Ferakh bil Hummus
This is a tasty and easy entre, something with which to impress your family and friends in the art of Middle Eastern Cooking. Chickpeas are synonymous with Arab cooking and their pleasures have even been recounted in the art of the Arab poet.
"You can talk of your many vegetables from Morocco to Cathay,
And talk of all the tasty food the kitchen smells betray,
But if youve never tasted chickpeas, youve nothing else to say,
For this delicious legume rules supreme from Cairo to Bombay."
* 4 tablespoons butter
* 3-5 lbs. Chicken pieces, trimmed of fat and cut into serving size pieces
* (I happened to have chicken breasts in my refrigerator)
* 2 medium onions, chopped
* 4 cloves garlic, crushed
* cup finely chopped fresh coriander leaves (cilantro)
* 1 can chickpeas (19 oz or 540 ml)
* 1 - 2 cups water (I added 2 chicken bouillon cubes)
* 3 tablespoons tomato paste
* teaspoon allspice
* teaspoon chili powder
* Salt & pepper to taste
In a large skillet, saut the chicken pieces in the butter over medium heat until they turn golden brown. Be sure to turn them several times, making sure that they brown evenly.
Remove the chicken pieces from the saucepan and set aside. Add the onions and stir-fry until they begin to brown. Add the garlic and coriander leaves and stir-fry again, about 3 minutes. Stir in the remaining ingredients, including the chicken pieces and bring to a boil. Cover and simmer over medium heat for 30 minutes or until the chicken pieces are well cooked. Serve hot over rice.
Serves 6 to 8.
This recipe popped up on the inside of the packaging of some certified organic cilantro that I purchased at my favorite supermarket. This hummus is easier and tastier than most of the recipes I have tried that are from Middle Eastern cookbooks, and so, I wanted to share it with you.
* 1 can (15 oz.) garbanzo beans (chickpeas)
* 1/3 c. tahini
* c. lemon juice
* c. olive oil
* 3 cloves garlic
* c. fresh cilantro, chopped
* teaspoon turmeric
* teaspoon salt
* teaspoon black pepper
Put everything in the food processor or blender. Blend thoroughly, scraping down the sides as needed. Serve with pita bread. Scallions, roasted red peppers, etc, may be added for additional seasoning.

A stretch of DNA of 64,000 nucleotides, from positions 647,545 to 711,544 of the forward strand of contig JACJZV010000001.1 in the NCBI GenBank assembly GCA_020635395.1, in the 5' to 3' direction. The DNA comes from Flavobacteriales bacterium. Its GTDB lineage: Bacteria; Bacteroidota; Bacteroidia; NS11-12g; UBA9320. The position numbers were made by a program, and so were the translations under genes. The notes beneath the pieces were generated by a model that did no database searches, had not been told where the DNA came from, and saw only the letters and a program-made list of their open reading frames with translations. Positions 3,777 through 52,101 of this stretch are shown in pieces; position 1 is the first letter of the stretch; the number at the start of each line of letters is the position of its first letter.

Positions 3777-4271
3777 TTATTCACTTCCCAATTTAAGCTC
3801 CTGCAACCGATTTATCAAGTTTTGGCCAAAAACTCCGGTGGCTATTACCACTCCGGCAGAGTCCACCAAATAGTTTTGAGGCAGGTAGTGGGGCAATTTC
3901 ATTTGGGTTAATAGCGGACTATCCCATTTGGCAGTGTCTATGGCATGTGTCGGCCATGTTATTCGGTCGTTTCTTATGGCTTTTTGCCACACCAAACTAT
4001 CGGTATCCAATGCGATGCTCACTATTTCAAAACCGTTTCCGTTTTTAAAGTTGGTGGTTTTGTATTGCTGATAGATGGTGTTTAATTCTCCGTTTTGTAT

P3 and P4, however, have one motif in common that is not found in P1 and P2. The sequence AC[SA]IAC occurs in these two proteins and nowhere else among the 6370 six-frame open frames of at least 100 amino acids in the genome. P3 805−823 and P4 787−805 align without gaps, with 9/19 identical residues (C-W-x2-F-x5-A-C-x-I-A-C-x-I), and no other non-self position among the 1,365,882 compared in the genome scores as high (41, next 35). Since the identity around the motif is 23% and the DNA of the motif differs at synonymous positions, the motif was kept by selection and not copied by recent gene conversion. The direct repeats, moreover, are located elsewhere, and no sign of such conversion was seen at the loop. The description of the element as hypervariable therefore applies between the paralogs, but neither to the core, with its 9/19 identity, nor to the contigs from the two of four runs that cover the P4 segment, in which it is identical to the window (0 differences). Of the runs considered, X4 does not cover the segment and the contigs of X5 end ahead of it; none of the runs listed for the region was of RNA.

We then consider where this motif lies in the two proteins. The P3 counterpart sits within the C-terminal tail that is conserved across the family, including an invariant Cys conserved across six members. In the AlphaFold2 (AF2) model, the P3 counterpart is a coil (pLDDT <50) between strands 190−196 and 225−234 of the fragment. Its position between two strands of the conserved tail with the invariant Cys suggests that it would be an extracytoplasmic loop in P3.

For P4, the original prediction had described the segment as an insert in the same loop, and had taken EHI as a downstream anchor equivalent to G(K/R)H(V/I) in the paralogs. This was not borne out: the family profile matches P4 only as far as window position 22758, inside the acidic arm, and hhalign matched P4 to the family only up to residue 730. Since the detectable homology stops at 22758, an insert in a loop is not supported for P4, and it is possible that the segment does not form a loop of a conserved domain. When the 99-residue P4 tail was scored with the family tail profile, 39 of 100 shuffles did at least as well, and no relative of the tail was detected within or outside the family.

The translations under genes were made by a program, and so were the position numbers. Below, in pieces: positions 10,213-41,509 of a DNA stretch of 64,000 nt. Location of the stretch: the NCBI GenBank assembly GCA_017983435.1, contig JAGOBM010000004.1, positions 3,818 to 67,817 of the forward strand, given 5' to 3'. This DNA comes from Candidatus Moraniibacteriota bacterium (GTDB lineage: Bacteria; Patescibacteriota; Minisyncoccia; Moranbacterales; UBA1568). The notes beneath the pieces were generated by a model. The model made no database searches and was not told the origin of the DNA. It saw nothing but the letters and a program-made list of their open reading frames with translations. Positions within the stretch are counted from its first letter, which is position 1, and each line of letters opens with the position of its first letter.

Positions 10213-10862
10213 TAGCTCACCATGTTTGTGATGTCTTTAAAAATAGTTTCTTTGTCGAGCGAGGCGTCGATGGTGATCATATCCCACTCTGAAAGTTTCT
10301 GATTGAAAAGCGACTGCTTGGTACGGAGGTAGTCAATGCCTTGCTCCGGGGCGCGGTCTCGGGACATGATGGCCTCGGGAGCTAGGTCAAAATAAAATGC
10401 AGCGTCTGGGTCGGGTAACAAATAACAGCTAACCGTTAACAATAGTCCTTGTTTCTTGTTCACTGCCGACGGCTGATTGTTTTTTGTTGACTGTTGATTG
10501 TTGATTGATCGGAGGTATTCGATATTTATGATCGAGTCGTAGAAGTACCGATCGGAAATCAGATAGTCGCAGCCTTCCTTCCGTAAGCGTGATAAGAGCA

A Fool for Fuul
Last month we looked at Tamiyya, the "hamburger" of the Middle East, which is made from large fava beans. Fuul, or Fuul Medammis, is one of the most popular dishes in Egypt that is made from Fava beans. It is commonly served for breakfast, from street vendors with steaming idras, or pots, of tender fava beans seasoned with olive oil, spices and hard-boiled egg.
* 1 c. dried small, fava bean, soaked overnight and drained
* olive oil
* salt & pepper to taste
* teaspoon ground coriander
* teaspoon cumin
* c. lemon juice
* 2 cloves garlic, crushed
* 4 hard-boiled eggs, shelled
* 2 tablespoons finely chopped fresh cilantro
Place the fava beans in a pot and cover with water; then cover the pot and cook over medium heat for 45 minutes to an hour until they are very tender, adding more water if necessary. Drain the beans, and place in a mixing bowl; then add 2 tablespoons of the olive oil, salt, pepper, ground coriander, cumin, lemon juice and garlic and mix well until some of the beans are slightly crushed. Transfer to 4 soup bowls; then place an egg in the center of each plate. Sprinkle each plate with the remaining oil; then garnish with the coriander leaves and serve.